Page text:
Less finger-wagging, more pragmatism
Rather than finger-wagging, the Netherlands has opted for pragmatism when it comes to human rights. That is what Minister of Foreign Affairs Stef Blok said in a lecture in the Academy Building on Human Rights Day on 10 December 2019.
In his lecture, Blok declared his belief in the power of the Netherlands as a trading nation. ‘Wherever we go, we bring up the subject of human rights. Countries that we visit usually want something from us: our knowledge or investment. You can avail of this to raise the issue of human rights,’ he said.
But does it make a difference? Blok also noted that Russian president Putin, for instance, isn’t one to be told what to do. He quoted Renée Jones-Bos, until this year the Dutch ambassador in Russia, ‘The best thing you can do for us is to ensure that your own country and the EU keep working properly. Then you are a shining example of a constitutional state and stability, and you don’t give authoritarian regimes a chance to counter-attack with justified criticism.’ Putin has already resorted to whataboutery after being criticised a few times by the Netherlands.
In his lecture, Blok mentioned various human rights initiatives that the Netherlands is working on or has even started itself. In the Netherlands, there is the Shelter City programme that gives human rights activists from all around the world who are under continual threat the opportunity of three months’ respite in the Netherlands. They are given personal and cyber security training. Twelve Dutch cities are taking part in the programme, and over 100 human rights activists have since been offered temporary shelter.
Another initiative involves gathering information, together with Lichtenstein, Australia and financial experts, about illicit financial flows around the world. The aim is to gain a clear idea of how to intervene. Blok then wants to act on this. In the EU, the Netherlands has successfully called for sanctions against those who violate human rights. Blok said he had come straight from Brussels, where he had won the support of his fellow ministers. If a European law on this is adopted, offenders can be denied access to the EU (‘No more shopping in Amsterdam or Paris,’ said Blok) and to financial funds in Europe. During its membership of the UN Security Council, the Netherlands was responsible for a similar scheme in the UN: the UN sanctions on Libya were expanded to include human traffickers. The aim is to freeze bank accounts and impose a travel ban. Annually, 136 billion euros are earned through human trafficking.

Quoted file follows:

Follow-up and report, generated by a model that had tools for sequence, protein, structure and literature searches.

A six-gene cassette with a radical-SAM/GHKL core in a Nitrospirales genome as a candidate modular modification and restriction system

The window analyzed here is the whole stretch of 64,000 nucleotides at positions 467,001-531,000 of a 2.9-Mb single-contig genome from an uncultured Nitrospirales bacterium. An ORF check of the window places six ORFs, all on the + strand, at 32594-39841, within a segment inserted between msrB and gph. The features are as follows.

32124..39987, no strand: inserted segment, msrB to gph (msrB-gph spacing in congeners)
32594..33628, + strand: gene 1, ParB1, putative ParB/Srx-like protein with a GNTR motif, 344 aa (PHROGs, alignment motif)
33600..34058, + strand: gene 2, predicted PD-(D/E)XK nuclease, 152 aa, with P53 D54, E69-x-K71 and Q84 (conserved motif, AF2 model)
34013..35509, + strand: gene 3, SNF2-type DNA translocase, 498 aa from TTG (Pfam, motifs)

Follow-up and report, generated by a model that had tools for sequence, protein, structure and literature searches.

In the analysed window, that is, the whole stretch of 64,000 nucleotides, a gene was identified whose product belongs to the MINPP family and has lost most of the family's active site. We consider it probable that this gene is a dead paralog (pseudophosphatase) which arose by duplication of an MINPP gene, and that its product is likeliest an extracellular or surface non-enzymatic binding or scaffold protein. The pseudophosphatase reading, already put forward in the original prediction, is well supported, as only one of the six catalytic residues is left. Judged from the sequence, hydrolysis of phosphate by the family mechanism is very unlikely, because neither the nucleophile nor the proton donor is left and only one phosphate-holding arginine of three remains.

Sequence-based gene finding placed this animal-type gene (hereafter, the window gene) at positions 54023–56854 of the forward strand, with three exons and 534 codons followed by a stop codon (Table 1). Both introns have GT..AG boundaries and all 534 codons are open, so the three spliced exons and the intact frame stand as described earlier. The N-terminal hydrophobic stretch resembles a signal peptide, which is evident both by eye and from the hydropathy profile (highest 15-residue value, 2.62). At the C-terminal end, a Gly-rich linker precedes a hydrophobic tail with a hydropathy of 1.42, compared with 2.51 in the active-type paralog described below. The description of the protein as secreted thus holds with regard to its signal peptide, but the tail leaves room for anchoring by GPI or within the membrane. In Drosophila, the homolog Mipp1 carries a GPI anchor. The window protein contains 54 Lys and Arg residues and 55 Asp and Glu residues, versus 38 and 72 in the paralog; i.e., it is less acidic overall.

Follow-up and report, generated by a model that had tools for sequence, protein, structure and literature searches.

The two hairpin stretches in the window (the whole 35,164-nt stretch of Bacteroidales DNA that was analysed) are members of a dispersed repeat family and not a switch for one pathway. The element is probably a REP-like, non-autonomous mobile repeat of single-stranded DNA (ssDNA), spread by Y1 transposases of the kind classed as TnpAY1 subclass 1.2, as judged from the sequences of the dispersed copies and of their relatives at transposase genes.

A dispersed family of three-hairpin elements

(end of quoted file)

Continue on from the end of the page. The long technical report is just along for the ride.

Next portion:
Effectiveness was Blok’s mantra in the lecture: no more of that dreaded finger-wagging but pragmatism instead. The trouble is that in practice things are less clear-cut. Five Libyan human traffickers are already on the UN embargo list. But it is difficult to hit them where it hurts, partly because they get family members to open accounts and transfer their money to these. Blok therefore said that tackling human rights violations is often a matter of baby steps. And some initiatives have not worked at all – not yet at least. Bringing Syrian president Assad in front of the International Criminal Court, for instance. What is also proving tricky is prosecuting IS fighters, preferably in the region. Nevertheless, said Blok, the Netherlands is the driving force behind attempts to gather as much evidence as possible about the atrocities by IS. ‘Our country is investing 5.5 million euros in this because if prosecutions do ensue, we really must have something.’
The UN adopted the Universal Declaration of Human Rights on 10 December 1948. It was ratified by nearly every country in the world. However, only 4.5% of the global population today lives in a full democracy, and over 43% lives in a flawed democracy. The gross national product of free countries is also dropping in comparison to unfree countries. ‘The democratisation wave appears to have stranded on unfree shores,’ said Blok. ‘Non-liberal democracies have the wind in their sails.’ As a consequence, many people were murdered for their beliefs or for what they are, such as LGBTI, and there is a huge amount of repression worldwide. But giving up is not an option, said Blok, hence all the initiatives.
Blok also showed himself to be an adept politician. Student Jan Henric van Vliet, who is currently studying in Utrecht but is hoping to do the Master’s programme in Philosophy of Law in Leiden asked him about weaknesses in his own human rights. ‘You can always object and go to court,’ was Blok’s evasive answer.
After the lecture, the evening reached a climax with a rendition of ‘Happy Birthday To You’ (or at least the Dutch equivalent). Not to celebrate the 71st birthday of the Declaration of Human Rights, but the 55th birthday of Minister Blok himself.
Read the full lecture by Minister Stef Blok [in Dutch]: Human rights and foreign policy: the best policy is a policy that works
Text: Corine Hendriks
Photos: Monique Shaw
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